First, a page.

Bainbridge High School’s new principal is not going to be a transplant from outside the district, but rather, a seasoned islander with four years of experience working at the high school.
Kristen Haizlip will be making the shift from associate principal to BHS’s new head honcho starting July 1.
Haizlip grew up in Washington and left home to attend Santa Clara University, studying journalism and political science. Haizlip later attended Washington State University to pursue her master’s degree. It was at WSU she first dabbled in teaching, leading an independent section for an “Intro to Journalism” class.
After earning her master’s, Haizlip worked in public relations in San Francisco, but she never strayed too far from the teacher’s path.
“My mom, she was a teacher and a principal and so she always said that she could see me going into teaching. I feel like I was actively resisting that for some reason,” Haizlip said.
Despite her hesitance to initially pursue a career in teaching, Haizlip seemed to keep finding herself doing the work of a teacher. In San Francisco, she spent her free time volunteering to help homeless youth earn their GED.
“I would talk more to my mom about that work than my actual career. I think she was, again, kind of reminding me of my love of that work, my love of being an instructor,” she said.
Haizlip later moved back to Washington from San Francisco where she would finally surrender to her calling as a teacher. After earning her teaching certification and administrator’s certification, Haizlip moved into BHS as the associate principal.
“I think I’ve had these little notifications throughout my life that this is where I’m supposed to be — in an educational setting,” Haizlip said.
In terms of leadership, Haizlip said she’s demonstrated that she’s an administrator who will put the kids first in order to meet the needs of every student.
“I think I have proven, in the four years I’ve been here, to show that I’m a student-centered leader, that my work is really driven by the needs of our students and that my goal is to find space for every kid at Bainbridge High School.”
The soon-to-be principal also said that much of her leadership comes from her “values-driven leadership style.”
“I try to walk the talk, so I really try to lead with integrity and with empathy and with a social justice frame,” Haizlip said.
“My goal is to provide equity of access for all kids and to really make sure that every kid has a successful high school career, whatever success looks like to them,” she explained.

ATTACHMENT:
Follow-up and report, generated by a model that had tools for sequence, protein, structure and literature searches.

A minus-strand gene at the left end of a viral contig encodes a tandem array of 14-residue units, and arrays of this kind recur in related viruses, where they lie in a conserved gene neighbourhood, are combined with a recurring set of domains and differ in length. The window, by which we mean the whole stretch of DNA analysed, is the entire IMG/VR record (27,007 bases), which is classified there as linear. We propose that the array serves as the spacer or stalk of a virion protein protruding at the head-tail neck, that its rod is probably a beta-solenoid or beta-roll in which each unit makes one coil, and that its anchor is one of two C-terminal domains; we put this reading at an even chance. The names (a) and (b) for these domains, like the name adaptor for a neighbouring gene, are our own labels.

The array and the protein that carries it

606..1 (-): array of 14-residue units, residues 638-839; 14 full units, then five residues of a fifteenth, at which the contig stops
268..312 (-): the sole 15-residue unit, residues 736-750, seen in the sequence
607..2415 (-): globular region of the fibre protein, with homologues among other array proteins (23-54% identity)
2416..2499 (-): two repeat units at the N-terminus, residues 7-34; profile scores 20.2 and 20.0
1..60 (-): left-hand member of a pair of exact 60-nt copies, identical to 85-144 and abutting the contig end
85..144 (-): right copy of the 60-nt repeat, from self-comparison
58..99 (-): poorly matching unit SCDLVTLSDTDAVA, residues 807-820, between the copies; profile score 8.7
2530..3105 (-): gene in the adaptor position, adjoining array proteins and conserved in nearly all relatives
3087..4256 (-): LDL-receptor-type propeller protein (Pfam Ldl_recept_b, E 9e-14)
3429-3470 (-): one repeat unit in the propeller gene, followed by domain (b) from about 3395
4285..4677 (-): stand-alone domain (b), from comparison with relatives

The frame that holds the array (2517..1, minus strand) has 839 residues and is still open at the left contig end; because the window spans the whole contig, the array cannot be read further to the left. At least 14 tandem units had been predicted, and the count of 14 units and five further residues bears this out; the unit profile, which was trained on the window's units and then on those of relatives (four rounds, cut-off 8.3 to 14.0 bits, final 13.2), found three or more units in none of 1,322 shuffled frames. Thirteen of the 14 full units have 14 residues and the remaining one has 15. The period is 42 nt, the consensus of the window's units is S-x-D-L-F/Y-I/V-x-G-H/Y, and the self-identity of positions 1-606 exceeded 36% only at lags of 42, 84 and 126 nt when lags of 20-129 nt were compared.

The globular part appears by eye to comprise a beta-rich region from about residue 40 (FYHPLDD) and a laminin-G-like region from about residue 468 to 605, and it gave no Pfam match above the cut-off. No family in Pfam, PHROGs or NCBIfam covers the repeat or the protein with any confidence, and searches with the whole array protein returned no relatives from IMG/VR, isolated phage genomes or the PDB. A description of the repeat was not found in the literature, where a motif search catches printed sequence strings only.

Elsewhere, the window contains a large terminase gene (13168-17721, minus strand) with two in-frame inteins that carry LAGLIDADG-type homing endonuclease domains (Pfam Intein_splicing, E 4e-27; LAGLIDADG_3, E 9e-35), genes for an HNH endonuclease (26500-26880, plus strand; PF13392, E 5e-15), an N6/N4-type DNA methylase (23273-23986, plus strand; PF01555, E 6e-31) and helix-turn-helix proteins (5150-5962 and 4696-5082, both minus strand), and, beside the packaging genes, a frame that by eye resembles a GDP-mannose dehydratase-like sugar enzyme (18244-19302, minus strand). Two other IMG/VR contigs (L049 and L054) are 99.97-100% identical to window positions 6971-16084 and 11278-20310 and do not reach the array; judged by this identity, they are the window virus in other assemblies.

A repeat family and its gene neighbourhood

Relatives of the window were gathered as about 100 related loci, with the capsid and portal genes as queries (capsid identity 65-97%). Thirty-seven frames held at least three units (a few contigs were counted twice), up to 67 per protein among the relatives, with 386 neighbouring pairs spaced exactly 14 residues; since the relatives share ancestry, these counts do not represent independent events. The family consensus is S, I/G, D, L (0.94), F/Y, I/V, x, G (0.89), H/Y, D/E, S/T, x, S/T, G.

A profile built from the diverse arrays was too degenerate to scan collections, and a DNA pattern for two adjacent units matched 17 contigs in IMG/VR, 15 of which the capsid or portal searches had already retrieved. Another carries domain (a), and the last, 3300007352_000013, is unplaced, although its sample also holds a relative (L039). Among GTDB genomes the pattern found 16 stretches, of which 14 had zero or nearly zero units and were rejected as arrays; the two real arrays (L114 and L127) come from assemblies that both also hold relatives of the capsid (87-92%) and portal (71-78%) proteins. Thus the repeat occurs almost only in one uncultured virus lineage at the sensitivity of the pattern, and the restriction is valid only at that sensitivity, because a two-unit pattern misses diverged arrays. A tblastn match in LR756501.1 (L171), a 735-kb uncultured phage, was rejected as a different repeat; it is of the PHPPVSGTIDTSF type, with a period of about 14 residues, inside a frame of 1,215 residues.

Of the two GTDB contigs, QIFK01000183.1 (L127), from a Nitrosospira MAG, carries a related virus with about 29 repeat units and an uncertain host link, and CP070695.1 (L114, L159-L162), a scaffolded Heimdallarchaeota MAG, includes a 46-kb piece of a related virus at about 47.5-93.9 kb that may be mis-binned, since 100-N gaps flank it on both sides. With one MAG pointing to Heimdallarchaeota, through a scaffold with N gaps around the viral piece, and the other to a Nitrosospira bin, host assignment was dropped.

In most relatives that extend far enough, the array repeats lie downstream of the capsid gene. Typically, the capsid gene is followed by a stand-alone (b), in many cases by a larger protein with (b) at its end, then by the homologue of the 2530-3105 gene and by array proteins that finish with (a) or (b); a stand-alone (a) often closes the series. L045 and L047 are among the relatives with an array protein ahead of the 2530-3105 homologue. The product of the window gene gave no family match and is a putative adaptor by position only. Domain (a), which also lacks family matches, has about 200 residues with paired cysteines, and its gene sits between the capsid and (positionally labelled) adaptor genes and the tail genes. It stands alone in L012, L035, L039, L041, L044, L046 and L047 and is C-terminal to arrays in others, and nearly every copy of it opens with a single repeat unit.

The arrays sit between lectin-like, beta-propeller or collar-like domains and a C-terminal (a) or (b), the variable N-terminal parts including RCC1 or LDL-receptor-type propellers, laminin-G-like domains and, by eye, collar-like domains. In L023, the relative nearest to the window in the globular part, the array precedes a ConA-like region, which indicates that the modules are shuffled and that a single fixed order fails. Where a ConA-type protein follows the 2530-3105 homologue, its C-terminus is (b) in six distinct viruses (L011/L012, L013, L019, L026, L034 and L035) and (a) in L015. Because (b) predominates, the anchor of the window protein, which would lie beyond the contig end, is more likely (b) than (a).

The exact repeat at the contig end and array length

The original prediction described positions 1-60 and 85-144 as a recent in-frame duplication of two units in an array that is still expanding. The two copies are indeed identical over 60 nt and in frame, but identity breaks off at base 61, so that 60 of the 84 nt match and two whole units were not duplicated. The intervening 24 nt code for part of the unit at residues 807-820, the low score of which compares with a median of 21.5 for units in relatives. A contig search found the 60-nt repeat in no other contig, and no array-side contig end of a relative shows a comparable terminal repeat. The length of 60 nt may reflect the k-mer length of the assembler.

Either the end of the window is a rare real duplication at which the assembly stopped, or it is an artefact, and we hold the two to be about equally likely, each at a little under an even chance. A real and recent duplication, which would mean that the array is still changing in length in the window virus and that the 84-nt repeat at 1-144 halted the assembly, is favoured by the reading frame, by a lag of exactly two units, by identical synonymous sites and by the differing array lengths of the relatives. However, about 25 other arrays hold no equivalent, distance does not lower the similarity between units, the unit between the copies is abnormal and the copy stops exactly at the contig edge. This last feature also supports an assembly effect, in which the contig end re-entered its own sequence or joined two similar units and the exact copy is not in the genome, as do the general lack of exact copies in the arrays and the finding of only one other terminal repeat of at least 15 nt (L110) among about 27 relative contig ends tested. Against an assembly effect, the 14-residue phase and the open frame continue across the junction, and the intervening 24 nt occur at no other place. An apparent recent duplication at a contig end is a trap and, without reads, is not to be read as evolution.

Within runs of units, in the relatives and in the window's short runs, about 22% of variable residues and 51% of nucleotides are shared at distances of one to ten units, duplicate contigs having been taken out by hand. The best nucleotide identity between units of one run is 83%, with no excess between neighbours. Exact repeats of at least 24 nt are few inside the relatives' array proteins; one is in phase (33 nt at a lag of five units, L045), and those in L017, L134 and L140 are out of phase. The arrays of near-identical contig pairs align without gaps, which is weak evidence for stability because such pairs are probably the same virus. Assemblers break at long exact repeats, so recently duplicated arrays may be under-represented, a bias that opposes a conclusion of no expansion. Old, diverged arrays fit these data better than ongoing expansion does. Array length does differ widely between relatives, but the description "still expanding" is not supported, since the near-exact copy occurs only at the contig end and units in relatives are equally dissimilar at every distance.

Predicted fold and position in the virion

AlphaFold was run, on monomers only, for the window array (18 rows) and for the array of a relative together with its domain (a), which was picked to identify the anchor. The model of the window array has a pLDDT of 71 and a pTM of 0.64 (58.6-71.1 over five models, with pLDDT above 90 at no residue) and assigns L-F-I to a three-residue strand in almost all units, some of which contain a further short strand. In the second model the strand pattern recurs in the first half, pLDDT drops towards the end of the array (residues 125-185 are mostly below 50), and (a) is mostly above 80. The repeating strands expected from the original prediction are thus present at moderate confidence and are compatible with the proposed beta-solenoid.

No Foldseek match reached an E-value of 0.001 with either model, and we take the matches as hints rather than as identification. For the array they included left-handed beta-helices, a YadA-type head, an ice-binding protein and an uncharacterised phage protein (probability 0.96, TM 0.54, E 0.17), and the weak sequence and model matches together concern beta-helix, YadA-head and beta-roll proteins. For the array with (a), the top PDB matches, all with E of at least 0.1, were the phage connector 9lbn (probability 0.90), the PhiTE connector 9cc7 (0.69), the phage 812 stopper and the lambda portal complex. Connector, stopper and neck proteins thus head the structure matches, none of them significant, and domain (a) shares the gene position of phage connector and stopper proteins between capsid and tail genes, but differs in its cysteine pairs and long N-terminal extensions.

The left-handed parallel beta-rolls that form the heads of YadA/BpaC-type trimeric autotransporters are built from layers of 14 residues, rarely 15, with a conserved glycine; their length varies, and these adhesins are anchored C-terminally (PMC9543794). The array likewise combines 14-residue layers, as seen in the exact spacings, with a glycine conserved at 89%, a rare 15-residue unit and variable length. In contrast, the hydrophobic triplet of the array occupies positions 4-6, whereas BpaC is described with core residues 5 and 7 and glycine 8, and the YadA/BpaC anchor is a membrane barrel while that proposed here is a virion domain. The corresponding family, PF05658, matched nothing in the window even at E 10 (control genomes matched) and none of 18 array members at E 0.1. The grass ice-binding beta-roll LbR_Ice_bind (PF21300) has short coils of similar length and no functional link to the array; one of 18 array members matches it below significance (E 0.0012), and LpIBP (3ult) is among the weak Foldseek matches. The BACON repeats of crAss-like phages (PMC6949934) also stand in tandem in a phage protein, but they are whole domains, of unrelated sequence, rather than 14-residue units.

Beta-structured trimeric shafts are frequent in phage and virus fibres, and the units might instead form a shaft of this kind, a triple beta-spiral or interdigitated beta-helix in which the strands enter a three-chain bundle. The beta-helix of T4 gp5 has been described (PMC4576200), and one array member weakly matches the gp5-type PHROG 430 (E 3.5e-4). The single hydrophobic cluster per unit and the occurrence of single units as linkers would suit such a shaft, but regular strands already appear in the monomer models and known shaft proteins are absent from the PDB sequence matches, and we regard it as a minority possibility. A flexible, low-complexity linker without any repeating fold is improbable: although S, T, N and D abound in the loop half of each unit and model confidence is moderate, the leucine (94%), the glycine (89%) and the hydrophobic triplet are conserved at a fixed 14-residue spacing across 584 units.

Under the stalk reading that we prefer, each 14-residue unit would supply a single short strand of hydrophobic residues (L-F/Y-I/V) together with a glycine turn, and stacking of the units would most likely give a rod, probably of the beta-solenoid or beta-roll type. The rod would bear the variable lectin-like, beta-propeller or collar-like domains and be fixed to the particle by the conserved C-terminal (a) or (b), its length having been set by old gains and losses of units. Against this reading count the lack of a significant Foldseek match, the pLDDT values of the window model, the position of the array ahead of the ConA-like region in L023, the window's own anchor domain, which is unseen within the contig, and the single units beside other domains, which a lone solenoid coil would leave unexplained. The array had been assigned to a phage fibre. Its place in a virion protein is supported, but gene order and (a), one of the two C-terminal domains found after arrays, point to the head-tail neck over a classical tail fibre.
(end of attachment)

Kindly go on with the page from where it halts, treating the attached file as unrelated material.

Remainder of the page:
Haizlip has seen four principals throughout her time at BHS, as for the lessons she’s learned by watching other principals who have come before her, Haizlip has more than a few to choose from.
“Mary Alice [O’Neill] was a seasoned administrator and provided a strong guiding force for our staff in a year of transition,” Haizlip said.
“That year we also experienced the death of two of our staff members,” she noted. “She really was able to lead us through a process in which our staff was grieving, to be honest.”
“Jake [Haley] had a great way of building a community; he was part of this community, he grew up here himself and had a deep understanding of the place,” she said.
“With Duane [Fish], I’ve just found strength in his willingness to tackle tough issues head-on and address them with this community, and not sugarcoat things but really provide a look at some of the work we have to do here with our youth,” Haizlip said.
The new principal will be conducting a listening tour as one of her first tasks at the new position.
“I ask a lot of questions, I kind of lead with questions to get a sense of what students feel about this space. What do teachers believe in, what are they striving for and what does the greater community hope for this place,” she said.
“I want to pull together different stakeholders and groups of people that I may not have interacted with over the past four years, and hear what they are looking for from this educational space,” Haizlip said.
As for whether or not the principal truly is here to stay this time, Haizlip said she has a vested interest in remaining at the helm.
“I have three small boys in this district. We moved here believing in the strength of this community and the strength of the schools in this community,” she said.
“So I have this personal investment in this space as they’re all going to come through this high school,” she added.
“I’m committed to being here to see that through.”